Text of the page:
By this point, we have 15 minutes until the meeting, but I’m still under the (TOTALLY DELUSIONAL) illusion that I can make good on my promise to get her fluffy AND nip into a shop to pick up some stickers and all will be well. I think this outlook epitomises mum brain – poor decision making combined with relentless optimism. It’s an interesting mix.

Of course, I didn’t have time to nip to the shops after our little fluffy date.

As I was walking to the meeting (which was with a potential supplier for our upcoming wedding, not a client, thank god), I thought to myself: ‘it will be fine, I’ll just hold Zoey on my hip and let her rifle through my wallet or whatever’. We were meeting at the supplier’s store so I felt like Zoey could potentially even have a wander around or sit in a corner or something.

Then the supplier cheerfully suggests that we’ll go out for coffee, and I swear to you, I felt the colour drain from my face and I break out in a sweat, but of course I say ‘sure, let’s do it!’ even though I know Zoey has a cafe-attention-span of approximately seven minutes – AND SHE HAD LITERALLY JUST DOWNED A FLUFFY.

We get to this new cafe and no one offers to bring a high chair and for some reason I decide Zoey will be fine on my lap. Mum brain is in full force by this point, I’m exhausted from a morning of toddler activities and I’m just going with the (very flawed) flow.

The lovely supplier offers to buy Zoey a fluffy and of course I say yes (Zoey is like YASSSSSS!). Fast forward a few minutes and Zoey is sitting on my knee, shovelling milk froth into her mouth so fast that most of it is going all over her top and face, that even the polite, kind supplier (a mother herself!) is looking at her like she’s a bit feral. Her exact words were “wow, she made quick work of that” and I’m like “shit, we’re literally out of tricks now, this should be fun!”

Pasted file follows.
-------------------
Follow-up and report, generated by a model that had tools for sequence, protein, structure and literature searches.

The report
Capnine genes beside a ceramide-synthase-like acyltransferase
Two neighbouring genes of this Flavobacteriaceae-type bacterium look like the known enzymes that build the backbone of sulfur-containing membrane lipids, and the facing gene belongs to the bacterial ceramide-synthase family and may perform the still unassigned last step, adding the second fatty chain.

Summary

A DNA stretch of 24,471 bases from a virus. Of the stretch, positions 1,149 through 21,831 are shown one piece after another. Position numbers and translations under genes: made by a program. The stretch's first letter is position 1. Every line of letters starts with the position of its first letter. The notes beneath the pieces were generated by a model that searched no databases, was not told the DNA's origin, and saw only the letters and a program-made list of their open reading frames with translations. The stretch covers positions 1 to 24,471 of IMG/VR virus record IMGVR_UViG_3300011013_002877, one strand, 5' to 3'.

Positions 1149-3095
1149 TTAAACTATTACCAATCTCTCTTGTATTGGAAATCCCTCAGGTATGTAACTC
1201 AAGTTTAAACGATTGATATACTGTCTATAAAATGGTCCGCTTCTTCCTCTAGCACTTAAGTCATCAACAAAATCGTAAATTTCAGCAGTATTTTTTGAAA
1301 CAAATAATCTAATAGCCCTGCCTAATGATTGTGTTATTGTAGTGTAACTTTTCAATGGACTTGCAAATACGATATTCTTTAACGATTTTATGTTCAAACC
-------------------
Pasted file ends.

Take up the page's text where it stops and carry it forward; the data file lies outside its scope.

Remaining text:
Actually, Zoey was exceptionally good. She wriggled a lot and regularly tried to climb off my lap (so she could sprint for the cafe exit) but for most of the meeting, she seemed to vaguely understand that I needed her to chill and that two adults were having a conversation.

But I still felt stressed and like I was containing a firework on the verge of exploding (by this point Zoey had had two chocolate fish and three marshmallows). And the whole time I found myself thinking, why didn’t I pack a few toys? Why didn’t I at least pack her colouring books? Favourite books? Anything! Literally ANYTHING would have been better than the nothing I had in my nappy bag.

And that, my friends, is mum brain. Or at least, it’s how mum brain unfolds in my life  these little situations happen more often than I’d like to admit. Like that time I left the house without nappies or without wipes or without my keys…

Writing this down has made me realise a few things:

  • I need to create a few ‘novelty toy stashes’ (in the car, in the pram, in the nappy bag) so I can always whip out some stickers or colouring books if needed – these items are now as important as nappies.

  • I’m a total pushover and probably need to work on my toddler negotiating skills, as now she’s definitely going to expect a fluffy every time we leave the playground!!

  • I should probably avoid taking my toddler to meetings full stop – even if I did have novelty toys, it would have still been stressful.

  • I love giving Zoey everything that makes her happy (like playgrounds and fluffies), but I should probably work on trying ‘no, not right now’ more often…

  • I’m so incredibly lucky that I could spend this morning hanging out with Zoey at the library and playground, that her little world includes the bliss that is a babycino, and that the lowlight of my day was feeling embarrassed about a small mum brain moment. I almost don’t want to publish this post because it feels so privileged, so trivial – such a stupid thing to write about compared to other topics. But, this is my life right now. And I promised to be raw and real… and maybe that doesn’t always have to equal deep.

Does mum brain unfold for you like this, too – or do you experience a completely different kind of mental lapse?

Would love to hear your stories.

Jess x